Link Invariants
Examples
Related concepts
CW-complex, Hausdorff space, second-countable space, sober space
connected space, locally connected space, contractible space, locally contractible space
The theory of knots is very visual. It can provide a link between the concrete and abstract. Some of the arguments are quite elementary, others very deep, and there are numerous connections with other parts of mathematics.
A knot is a smooth (or PL) embedding of the circle $S^1$ into $\mathbb{R}^3$, or equivalently into the $3$-sphere $S^3$ (one can also consider knots in other 3-manifolds).
Typically, knots are considered up to ambient isotopy.
Knots that are ambient isotopic are often said to have the same knot type or to be in the same isotopy class.
The trefoil knot is the simplest non-trivial knot. In its simplest representation, it has three crossings. It is a torus knot, that is it can be embedded on the surface of a solid torus, itself embedded in $S^3$. Here is a picture:
Classifying knots up to isotopy is usually done using knot invariants. Some of these are simple to define (these tend to be geometric and also tend to be hard to calculate) others are harder to define and to show they are invariants but are easier to calculate. A few are reasonably easy to define and to calculate… Yippee!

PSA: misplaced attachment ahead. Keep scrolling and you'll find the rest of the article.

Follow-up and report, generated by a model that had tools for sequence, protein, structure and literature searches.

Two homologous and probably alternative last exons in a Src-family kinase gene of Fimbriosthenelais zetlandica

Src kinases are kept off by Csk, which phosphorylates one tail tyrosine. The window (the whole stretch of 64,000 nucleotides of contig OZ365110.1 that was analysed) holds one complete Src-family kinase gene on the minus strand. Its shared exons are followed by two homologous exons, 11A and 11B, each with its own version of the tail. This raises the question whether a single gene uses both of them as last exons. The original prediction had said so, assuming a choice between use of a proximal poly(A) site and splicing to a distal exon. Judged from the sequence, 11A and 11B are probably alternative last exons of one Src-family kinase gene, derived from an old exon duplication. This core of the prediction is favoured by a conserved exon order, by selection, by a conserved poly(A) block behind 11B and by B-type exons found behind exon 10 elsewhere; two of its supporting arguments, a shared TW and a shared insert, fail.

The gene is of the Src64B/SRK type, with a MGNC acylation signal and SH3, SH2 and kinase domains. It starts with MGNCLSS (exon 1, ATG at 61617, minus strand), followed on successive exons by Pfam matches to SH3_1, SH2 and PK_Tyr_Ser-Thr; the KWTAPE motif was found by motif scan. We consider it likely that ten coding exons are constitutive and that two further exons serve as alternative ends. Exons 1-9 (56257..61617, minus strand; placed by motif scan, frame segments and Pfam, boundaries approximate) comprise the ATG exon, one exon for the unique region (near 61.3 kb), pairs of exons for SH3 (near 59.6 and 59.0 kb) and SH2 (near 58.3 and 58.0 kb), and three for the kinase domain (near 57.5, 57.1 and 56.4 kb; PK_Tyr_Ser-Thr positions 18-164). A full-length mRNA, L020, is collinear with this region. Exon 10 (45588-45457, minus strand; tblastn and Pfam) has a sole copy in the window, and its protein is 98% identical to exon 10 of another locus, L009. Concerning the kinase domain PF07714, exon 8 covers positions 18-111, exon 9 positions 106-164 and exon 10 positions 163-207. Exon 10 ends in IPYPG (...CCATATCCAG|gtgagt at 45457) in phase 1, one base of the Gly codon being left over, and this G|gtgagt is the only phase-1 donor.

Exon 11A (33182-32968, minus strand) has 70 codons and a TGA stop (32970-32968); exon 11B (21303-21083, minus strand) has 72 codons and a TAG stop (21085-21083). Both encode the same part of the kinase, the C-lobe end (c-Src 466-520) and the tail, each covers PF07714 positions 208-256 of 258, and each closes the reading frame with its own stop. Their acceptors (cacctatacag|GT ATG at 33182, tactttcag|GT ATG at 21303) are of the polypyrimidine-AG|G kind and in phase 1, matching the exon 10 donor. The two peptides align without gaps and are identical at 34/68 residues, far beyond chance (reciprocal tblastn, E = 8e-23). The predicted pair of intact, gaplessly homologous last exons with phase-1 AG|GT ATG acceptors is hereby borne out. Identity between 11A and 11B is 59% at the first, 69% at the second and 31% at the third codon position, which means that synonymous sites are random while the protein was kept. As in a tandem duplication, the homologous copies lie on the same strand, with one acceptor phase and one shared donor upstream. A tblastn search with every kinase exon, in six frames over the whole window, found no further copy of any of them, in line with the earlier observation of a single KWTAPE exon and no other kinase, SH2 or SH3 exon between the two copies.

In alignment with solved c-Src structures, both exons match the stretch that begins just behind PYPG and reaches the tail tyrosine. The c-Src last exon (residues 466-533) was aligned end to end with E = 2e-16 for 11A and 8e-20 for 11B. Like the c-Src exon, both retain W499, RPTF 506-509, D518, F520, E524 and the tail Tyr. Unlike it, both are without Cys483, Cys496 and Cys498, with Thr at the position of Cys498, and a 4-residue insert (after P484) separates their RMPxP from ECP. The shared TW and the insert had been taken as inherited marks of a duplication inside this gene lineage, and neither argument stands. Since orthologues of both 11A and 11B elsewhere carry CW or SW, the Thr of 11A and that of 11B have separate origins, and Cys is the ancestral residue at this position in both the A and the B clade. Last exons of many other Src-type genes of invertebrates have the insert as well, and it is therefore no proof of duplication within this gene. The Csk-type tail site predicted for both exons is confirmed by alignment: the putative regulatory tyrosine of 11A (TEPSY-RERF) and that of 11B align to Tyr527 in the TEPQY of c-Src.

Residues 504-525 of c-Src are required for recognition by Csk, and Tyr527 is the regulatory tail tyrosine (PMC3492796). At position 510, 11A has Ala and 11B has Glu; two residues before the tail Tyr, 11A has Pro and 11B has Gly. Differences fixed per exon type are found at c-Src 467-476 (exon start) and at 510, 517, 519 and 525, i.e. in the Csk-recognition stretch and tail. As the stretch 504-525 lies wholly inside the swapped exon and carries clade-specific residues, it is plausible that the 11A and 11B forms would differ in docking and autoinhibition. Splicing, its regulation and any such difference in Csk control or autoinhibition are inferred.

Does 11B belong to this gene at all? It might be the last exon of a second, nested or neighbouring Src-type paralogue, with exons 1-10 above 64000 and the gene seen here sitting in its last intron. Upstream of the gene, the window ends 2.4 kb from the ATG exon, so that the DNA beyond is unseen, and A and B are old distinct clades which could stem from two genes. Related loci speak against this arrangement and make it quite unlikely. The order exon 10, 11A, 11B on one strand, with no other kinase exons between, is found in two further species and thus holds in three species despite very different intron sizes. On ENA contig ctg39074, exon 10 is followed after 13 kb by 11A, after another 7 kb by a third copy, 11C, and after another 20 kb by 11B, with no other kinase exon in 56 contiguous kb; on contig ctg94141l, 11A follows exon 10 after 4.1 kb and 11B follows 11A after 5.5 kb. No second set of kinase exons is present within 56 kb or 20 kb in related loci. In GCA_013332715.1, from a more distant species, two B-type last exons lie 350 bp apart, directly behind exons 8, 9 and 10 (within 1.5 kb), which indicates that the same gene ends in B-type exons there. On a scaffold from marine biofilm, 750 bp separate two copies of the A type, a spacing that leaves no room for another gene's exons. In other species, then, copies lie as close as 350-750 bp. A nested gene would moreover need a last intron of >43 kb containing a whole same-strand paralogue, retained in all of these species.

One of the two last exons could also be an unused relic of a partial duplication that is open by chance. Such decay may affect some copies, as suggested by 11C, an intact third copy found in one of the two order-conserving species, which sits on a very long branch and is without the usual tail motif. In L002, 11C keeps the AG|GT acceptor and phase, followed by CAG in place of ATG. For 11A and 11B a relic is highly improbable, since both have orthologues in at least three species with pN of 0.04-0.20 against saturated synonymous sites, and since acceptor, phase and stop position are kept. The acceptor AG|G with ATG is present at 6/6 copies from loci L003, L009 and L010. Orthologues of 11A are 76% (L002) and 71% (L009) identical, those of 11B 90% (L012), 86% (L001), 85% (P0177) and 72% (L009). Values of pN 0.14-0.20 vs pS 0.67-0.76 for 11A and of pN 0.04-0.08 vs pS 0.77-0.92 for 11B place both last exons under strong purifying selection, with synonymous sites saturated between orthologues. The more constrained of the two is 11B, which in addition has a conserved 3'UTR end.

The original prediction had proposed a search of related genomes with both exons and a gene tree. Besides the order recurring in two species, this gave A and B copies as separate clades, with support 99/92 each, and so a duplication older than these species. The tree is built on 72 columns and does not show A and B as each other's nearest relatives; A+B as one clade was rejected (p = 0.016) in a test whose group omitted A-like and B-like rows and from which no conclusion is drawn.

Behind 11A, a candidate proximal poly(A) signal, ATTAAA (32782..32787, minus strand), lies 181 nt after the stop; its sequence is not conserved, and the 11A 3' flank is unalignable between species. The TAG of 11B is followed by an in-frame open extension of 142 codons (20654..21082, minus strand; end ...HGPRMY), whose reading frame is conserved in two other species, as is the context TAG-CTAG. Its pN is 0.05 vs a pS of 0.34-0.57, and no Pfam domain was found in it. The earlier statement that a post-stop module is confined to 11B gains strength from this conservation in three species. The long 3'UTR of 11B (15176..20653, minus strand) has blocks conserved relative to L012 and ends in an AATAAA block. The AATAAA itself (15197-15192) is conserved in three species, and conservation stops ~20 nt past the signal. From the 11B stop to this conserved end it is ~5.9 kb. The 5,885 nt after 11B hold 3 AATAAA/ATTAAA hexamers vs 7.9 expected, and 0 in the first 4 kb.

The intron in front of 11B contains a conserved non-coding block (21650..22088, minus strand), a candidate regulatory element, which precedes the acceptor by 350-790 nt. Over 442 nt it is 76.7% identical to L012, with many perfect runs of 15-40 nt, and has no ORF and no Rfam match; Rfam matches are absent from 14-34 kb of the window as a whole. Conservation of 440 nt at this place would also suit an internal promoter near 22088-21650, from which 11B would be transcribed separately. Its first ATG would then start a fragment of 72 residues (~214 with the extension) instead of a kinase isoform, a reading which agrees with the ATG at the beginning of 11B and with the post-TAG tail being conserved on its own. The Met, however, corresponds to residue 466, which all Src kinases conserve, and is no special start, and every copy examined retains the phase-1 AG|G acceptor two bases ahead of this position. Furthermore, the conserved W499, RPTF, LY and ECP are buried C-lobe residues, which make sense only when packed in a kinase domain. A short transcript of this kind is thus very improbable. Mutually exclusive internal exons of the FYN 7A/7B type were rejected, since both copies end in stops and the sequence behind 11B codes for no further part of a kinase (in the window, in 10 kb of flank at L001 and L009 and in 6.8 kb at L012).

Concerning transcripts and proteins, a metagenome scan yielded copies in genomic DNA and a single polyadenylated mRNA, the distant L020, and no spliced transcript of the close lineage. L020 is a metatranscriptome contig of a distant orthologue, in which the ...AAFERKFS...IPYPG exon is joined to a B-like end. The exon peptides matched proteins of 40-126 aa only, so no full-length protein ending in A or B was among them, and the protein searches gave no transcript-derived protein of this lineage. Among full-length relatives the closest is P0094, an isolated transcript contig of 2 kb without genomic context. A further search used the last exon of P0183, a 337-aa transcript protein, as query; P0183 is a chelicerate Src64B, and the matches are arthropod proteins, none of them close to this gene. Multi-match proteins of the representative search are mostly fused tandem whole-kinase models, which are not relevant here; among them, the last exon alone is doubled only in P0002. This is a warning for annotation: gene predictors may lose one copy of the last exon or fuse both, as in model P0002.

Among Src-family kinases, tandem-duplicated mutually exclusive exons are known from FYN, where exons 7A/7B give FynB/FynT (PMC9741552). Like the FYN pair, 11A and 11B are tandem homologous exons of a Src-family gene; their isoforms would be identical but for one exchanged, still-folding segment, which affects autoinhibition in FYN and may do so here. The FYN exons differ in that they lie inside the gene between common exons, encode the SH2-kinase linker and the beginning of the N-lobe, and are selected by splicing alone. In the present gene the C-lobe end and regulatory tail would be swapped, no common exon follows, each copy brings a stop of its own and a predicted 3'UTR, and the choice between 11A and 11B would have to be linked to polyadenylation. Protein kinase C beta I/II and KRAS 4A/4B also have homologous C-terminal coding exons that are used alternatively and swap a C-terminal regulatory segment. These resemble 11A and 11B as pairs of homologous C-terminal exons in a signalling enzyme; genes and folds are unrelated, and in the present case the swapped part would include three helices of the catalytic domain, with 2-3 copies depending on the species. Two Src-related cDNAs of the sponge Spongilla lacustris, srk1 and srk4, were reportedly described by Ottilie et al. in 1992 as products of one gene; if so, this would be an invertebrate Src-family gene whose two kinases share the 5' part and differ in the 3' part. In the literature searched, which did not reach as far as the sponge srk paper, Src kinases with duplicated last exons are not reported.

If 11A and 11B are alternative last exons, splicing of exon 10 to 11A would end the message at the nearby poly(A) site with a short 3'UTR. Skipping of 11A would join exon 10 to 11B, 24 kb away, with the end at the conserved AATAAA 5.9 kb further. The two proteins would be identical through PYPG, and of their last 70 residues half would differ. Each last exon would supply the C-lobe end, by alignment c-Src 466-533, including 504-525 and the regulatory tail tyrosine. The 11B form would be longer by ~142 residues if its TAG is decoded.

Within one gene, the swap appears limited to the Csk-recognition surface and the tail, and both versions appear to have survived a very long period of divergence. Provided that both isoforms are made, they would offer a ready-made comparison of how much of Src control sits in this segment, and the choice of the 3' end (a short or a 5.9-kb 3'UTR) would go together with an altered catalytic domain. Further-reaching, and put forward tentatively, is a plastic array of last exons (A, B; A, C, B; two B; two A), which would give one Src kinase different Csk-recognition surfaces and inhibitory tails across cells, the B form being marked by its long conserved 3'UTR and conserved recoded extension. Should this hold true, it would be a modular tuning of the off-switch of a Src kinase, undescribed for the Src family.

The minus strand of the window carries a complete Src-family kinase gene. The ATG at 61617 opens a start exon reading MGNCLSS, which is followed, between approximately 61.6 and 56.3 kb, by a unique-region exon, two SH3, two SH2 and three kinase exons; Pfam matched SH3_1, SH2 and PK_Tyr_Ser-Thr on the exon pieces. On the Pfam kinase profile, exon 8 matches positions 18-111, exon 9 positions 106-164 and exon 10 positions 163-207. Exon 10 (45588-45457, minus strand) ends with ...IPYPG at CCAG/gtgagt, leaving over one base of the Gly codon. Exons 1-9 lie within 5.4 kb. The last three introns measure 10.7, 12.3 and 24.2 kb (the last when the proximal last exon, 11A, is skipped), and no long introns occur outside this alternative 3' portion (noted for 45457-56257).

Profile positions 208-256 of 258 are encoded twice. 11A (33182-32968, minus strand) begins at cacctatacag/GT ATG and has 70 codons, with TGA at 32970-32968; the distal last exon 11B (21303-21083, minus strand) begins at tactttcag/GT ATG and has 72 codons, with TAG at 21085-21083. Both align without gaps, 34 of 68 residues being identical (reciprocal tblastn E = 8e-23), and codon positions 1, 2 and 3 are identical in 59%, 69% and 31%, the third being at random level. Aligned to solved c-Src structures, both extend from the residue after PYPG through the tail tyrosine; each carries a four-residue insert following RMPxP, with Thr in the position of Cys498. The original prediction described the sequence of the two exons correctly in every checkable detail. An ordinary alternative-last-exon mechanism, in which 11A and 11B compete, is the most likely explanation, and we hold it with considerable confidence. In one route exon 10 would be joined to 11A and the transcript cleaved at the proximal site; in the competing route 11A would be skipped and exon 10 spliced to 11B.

It is often useful to consider the domain circle of a knot as being oriented. This is then represented by putting a directional arrow on diagrams of the knot. Such oriented knots are usually considered up to ambient isotopy in which the isotopy is orientation preserving. This leads to the idea of invertible knots?. It is also possible to take the mirror reflection? of knots and thus to introduce the concept of achiral knots?.
The theory of knots can be extended to include various similar things:
A major line in the study of knots is to look for knot invariants (see also link invariants).
There are various pages related to knot theory that are linked from the main articles.
The study of knots is very pictorial. There are various knot-related SVGs that can be included in to nLab pages.
For introductions to Knot Theory,
R. H. Crowell and R. H. Fox, Introduction to Knot Theory, Springer, Graduate Texts 57, 1963.
N. D. Gilbert and T. Porter, Knots and Surfaces, Oxford U.P., 1994.
These do not, of course, handle more modern developments.
Other classic sources are
and
The second of these discusses many of the connections between knots and state sum calculations related to quantum field theories.
Another reference for the classical theory is
Historically, a motivation for Peter Tait to start thinking about classification of knots was the book
which presented the speculation in physics that atoms/elementary particles are fundamentally vortices in a spacetime-filling fluid-like substance.